Nowhere but America makes it possible for a company to pursue its dreams for 28 years without making a profit. Even in the most optimistic times, it’s hard to explain.
So how can it possibly be, in the depths of recession, that things are looking up at Waltham, MA-based ImmunoGen? This company has been around since 1981, burned through more than $300 million in investors’ money, and still doesn’t have an FDA-approved drug to show for it. Yet the stock chart says ImmunoGen (NASDAQ: IMGN) is up 60 percent from where it was exactly one year ago. I got some insight into why from new CEO Dan Junius.
The answer is that ImmunoGen is pursuing one of the grand dreams in cancer research, and evidence is slowly mounting that suggests it may actually work for patients. The idea is to develop an engineered antibody drug that can hit cancer cells, spare healthy ones, and unload a potent toxin inside tumors for that extra killing kick. Some of the biggest-selling cancer drugs today, like Genentech’s trastuzumab (Herceptin), are engineered antibodies that hit a specific target on cells, yet lack that knockout punch. Couldn’t they be even better as targeted “smart bombs?” Nobody has turned this idea into commercial gold, but Genentech is betting big on just such a souped-up version of the original trastuzumab that uses ImmunoGen technology. The new drug is now entering the final stage of clinical trials, and with luck, it could be on the market next year.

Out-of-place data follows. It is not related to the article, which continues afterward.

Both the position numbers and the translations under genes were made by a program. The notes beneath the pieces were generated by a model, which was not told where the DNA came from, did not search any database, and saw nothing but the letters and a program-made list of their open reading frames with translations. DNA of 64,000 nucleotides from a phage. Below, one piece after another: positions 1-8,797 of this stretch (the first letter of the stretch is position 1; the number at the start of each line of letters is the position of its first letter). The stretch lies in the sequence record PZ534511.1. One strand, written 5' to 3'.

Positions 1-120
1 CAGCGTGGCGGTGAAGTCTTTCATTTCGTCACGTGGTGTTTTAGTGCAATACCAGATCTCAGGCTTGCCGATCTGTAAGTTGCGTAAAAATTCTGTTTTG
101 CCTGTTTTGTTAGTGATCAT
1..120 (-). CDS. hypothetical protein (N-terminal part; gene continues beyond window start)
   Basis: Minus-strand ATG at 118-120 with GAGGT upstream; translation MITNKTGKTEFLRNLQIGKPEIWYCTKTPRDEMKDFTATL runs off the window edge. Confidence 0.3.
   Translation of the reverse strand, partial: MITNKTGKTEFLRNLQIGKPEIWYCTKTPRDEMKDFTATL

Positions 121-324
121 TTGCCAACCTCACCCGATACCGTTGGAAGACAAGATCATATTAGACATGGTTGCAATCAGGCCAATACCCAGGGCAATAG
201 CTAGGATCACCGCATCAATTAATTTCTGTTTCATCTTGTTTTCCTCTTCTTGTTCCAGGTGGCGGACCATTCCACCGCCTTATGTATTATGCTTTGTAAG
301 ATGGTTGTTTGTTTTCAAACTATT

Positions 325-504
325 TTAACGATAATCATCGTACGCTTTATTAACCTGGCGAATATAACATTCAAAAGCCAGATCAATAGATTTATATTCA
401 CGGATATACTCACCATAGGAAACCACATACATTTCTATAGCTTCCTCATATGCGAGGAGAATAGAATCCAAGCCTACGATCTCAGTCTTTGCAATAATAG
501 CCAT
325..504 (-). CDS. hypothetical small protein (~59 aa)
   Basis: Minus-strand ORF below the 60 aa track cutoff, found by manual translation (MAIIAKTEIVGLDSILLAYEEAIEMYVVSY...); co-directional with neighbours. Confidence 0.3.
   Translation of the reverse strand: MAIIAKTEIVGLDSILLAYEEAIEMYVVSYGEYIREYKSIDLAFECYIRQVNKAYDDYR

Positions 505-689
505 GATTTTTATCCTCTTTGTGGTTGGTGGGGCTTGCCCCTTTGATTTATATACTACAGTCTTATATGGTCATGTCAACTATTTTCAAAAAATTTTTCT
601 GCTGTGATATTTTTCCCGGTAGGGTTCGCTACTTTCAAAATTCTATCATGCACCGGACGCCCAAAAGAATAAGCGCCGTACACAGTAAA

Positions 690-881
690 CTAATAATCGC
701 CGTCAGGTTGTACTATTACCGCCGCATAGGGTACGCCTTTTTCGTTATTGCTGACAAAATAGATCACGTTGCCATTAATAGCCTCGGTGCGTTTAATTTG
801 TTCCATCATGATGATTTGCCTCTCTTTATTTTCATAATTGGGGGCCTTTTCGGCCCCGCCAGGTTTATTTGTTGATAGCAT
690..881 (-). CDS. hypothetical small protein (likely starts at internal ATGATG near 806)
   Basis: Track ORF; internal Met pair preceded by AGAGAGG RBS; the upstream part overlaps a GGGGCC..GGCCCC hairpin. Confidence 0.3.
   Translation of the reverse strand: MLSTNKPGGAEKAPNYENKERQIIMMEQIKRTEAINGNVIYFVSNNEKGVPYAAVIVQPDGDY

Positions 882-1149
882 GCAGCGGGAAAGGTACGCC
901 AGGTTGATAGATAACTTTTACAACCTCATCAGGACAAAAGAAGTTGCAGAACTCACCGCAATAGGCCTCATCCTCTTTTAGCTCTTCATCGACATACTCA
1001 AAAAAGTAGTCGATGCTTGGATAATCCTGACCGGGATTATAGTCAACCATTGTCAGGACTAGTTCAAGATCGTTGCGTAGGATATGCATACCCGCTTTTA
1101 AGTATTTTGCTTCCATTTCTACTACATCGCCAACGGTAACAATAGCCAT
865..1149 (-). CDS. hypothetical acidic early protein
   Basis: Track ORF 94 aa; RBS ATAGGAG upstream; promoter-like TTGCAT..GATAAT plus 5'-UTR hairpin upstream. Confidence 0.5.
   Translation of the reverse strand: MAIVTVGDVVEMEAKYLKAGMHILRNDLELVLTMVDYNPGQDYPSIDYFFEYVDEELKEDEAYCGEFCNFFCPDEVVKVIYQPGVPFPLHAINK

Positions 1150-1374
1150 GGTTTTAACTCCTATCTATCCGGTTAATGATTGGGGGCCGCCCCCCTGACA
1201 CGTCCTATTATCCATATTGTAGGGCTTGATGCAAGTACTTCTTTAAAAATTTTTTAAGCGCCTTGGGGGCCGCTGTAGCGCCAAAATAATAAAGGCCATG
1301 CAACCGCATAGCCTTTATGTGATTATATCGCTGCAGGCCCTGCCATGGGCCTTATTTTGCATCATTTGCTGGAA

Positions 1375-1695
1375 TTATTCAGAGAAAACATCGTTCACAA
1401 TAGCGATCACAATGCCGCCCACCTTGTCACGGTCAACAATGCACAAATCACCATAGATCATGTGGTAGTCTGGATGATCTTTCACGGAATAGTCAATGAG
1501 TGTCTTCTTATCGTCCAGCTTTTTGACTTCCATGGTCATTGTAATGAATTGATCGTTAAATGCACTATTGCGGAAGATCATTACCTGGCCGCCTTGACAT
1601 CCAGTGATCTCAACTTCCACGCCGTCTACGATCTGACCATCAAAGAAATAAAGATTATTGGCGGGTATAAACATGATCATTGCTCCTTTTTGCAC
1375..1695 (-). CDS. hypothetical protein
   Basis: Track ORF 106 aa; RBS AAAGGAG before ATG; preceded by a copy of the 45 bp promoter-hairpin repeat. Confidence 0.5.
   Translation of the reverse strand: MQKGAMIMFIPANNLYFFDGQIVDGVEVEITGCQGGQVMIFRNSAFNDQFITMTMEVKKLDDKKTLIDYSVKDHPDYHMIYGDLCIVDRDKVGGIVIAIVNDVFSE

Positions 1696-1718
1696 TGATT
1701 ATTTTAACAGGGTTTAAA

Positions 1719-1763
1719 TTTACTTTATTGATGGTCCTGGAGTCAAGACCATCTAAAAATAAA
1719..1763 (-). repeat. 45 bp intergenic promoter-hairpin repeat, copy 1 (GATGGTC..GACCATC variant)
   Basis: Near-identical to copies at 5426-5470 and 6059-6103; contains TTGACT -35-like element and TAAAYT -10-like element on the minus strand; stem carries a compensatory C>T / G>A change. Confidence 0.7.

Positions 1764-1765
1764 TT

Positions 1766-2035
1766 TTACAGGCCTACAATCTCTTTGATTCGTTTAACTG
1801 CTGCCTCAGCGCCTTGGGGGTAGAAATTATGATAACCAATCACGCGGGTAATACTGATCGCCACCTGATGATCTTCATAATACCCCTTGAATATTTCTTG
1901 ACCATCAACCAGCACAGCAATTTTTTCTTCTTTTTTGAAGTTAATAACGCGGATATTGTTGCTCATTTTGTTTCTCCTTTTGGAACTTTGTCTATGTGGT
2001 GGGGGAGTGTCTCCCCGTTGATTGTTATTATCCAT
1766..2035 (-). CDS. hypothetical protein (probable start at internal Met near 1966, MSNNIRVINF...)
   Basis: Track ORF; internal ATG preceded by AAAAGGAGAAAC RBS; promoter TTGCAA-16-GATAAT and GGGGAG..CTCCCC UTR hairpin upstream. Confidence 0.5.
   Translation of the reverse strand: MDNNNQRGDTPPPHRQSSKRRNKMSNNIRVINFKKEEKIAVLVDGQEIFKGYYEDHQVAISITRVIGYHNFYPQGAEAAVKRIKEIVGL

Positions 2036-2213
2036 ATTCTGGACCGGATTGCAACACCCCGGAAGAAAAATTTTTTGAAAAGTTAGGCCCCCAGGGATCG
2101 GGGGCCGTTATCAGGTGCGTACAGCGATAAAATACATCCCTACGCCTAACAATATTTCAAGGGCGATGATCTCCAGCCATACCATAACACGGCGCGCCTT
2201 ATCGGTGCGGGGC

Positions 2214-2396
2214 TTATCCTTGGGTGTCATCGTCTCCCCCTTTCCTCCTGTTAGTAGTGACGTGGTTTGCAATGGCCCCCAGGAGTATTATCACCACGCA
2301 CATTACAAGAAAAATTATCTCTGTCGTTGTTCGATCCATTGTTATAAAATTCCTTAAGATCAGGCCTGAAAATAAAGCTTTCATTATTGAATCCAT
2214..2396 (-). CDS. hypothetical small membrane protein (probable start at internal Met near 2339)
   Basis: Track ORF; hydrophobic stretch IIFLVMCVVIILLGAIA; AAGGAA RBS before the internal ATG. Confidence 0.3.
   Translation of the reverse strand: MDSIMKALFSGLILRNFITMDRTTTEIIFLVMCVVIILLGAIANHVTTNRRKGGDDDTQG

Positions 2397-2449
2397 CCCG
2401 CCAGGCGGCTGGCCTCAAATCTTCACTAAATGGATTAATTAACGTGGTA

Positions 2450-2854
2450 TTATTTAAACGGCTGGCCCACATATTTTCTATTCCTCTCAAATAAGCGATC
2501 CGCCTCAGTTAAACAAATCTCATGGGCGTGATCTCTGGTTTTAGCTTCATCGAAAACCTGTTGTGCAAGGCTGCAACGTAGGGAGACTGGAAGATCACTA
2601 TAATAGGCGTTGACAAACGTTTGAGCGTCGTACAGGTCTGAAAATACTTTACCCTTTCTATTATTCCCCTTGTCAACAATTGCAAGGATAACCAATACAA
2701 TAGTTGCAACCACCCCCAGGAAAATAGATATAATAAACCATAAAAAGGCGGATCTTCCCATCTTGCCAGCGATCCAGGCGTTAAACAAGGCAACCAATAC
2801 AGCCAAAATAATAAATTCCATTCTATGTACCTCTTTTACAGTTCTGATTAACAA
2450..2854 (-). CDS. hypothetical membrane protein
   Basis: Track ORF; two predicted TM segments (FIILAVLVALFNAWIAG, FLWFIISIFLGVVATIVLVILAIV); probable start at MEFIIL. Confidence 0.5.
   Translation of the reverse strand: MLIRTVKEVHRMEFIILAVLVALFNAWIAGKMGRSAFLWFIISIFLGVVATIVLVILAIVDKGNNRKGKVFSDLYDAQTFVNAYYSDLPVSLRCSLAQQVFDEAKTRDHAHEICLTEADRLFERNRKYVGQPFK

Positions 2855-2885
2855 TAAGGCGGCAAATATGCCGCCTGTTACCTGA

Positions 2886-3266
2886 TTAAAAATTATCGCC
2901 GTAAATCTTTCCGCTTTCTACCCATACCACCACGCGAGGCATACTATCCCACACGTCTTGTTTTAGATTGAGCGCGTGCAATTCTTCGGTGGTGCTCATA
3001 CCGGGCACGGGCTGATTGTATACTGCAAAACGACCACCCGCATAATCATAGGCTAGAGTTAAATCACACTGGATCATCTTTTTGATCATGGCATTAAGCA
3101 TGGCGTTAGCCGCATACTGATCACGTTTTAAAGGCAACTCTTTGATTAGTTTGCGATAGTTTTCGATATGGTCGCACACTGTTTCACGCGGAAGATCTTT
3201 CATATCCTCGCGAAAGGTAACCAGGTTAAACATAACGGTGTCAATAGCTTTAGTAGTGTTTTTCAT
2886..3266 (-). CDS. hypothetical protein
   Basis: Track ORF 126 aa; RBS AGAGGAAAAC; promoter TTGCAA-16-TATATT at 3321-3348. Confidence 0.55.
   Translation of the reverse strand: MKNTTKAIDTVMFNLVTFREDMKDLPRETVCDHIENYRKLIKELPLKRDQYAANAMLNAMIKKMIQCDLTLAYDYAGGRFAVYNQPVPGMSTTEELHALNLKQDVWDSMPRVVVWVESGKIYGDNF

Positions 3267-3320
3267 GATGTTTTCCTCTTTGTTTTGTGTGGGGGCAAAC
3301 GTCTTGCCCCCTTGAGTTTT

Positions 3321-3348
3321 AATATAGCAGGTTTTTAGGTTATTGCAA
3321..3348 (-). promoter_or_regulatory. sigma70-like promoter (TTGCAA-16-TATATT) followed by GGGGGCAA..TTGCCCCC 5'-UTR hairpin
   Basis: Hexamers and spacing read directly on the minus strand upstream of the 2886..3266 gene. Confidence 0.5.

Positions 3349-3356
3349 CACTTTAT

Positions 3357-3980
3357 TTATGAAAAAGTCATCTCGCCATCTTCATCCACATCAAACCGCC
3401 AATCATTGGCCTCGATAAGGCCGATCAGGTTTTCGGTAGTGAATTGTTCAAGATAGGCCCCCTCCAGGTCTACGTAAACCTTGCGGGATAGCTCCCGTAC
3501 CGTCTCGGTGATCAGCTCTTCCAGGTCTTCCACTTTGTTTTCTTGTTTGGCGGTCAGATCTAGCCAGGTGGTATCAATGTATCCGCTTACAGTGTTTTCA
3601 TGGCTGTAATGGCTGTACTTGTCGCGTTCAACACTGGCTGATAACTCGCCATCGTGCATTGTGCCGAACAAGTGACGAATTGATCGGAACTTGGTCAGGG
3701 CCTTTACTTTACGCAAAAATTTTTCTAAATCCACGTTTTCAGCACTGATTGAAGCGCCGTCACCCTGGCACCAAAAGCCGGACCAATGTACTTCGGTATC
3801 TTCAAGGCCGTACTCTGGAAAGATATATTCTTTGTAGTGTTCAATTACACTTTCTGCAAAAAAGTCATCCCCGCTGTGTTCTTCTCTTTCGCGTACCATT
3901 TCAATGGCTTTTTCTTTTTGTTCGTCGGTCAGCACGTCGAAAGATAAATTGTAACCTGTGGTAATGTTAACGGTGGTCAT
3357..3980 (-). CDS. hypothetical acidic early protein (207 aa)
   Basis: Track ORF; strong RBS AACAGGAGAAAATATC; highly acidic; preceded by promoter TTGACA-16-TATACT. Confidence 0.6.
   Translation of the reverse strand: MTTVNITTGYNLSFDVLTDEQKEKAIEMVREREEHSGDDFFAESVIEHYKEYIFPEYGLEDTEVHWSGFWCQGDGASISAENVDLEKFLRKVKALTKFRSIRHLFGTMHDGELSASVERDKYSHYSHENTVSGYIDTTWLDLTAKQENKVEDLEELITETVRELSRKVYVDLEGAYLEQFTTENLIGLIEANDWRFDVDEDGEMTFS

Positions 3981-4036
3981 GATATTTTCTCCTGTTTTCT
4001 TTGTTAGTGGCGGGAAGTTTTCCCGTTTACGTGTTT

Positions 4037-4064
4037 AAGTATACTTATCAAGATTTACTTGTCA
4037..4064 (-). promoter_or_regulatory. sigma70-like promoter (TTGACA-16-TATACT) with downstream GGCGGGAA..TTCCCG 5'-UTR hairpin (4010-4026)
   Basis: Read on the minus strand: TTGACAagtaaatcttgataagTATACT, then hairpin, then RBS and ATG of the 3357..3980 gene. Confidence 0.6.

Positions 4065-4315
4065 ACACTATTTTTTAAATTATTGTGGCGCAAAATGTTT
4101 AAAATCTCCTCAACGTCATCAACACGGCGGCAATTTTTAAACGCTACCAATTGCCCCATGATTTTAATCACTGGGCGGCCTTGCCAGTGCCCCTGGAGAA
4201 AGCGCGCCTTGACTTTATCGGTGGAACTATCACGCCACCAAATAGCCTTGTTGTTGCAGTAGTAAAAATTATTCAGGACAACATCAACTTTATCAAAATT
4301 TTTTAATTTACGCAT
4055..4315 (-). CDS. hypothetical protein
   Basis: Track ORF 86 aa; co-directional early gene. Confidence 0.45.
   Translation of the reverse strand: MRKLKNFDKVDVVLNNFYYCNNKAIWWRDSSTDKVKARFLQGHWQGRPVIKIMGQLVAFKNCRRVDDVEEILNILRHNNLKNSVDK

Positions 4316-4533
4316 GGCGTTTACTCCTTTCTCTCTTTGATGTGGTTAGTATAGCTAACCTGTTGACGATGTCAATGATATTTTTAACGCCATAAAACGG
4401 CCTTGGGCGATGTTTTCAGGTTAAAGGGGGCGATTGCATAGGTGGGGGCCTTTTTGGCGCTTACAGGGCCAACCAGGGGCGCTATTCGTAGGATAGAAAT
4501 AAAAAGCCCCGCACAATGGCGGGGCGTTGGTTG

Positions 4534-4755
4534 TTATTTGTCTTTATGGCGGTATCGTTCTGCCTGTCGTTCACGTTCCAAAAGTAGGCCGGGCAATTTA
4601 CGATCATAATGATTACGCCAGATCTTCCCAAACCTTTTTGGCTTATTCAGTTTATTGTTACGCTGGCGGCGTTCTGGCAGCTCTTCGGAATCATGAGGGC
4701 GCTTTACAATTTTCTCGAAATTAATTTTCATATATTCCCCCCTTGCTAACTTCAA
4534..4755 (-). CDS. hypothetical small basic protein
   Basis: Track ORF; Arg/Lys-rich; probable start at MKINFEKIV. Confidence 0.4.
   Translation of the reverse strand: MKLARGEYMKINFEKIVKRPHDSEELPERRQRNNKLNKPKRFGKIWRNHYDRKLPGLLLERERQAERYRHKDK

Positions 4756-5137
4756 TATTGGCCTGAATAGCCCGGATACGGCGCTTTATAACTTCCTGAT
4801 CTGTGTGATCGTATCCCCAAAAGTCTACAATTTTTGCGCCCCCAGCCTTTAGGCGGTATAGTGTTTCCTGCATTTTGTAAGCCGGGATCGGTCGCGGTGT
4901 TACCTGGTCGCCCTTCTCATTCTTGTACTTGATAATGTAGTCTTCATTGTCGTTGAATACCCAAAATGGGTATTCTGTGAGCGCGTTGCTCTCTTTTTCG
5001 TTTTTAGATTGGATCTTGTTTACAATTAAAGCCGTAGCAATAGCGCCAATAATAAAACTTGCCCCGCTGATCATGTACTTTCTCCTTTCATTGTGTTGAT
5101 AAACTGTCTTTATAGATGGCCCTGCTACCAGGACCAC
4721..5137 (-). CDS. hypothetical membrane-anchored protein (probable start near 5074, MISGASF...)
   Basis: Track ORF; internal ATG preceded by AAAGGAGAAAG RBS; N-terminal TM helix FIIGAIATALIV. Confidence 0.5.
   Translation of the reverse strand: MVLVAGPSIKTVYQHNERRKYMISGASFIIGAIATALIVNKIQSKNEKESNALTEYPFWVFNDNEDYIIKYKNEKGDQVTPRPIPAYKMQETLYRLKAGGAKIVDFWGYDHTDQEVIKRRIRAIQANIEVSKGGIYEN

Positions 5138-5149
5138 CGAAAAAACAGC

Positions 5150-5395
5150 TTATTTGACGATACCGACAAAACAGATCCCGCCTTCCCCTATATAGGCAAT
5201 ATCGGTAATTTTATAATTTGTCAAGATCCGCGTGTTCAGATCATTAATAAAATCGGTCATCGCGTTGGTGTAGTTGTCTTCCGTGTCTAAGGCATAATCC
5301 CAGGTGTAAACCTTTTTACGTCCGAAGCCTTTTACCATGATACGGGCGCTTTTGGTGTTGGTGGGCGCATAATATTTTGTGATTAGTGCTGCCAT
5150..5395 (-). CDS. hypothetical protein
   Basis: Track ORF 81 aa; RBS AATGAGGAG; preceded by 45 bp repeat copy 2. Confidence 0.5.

“Genentech is showing the power of the technology,” Junius says. He adds: “We’re only on the very leading edge of a field that has tremendous potential.”
The data backs up this assertion, at least with the new Genentech drug for breast cancer. Preliminary results from 107 patients in a mid-stage clinical trial showed that about 40 percent had partial or complete tumor shrinkage after taking the drug, trastuzumab-DM1. This happened even after their disease had spread through the body and they had stopped responding to traditional treatment combinations of Herceptin, chemotherapy, or another targeted drug, GlaxoSmithKline’s lapatinib (Tykerb). Just two patients quit taking infusions of the drug because of side effects that were possibly drug-related, researchers said in December at the San Antonio Breast Cancer Symposium.
This finding has prompted Genentech, and its majority owner, Switzerland-based Roche, to push the throttle down into the final phase of clinical trials. Those companies recently started a 580-patient study enrolling patients worldwide. Even before that trial is done, it’s possible Genentech may be able to ask the FDA for approval based on compelling final results of the mid-stage trial, Junius says. That means the souped up drug could arrive on the market as early as 2010. But Genentech is clearly thinking way beyond next year. It said this week that trastuzumab-DM1 appears to be so tolerable that it is looking at studying the drug in earlier stage breast cancer, the so-called adjuvant setting, to prevent breast cancer from relapsing.
What makes this possible is the technology ImmunoGen has been honing for more than 20 years on how to make the proper package of antibody and toxin. One of the key tricks … Next Page »
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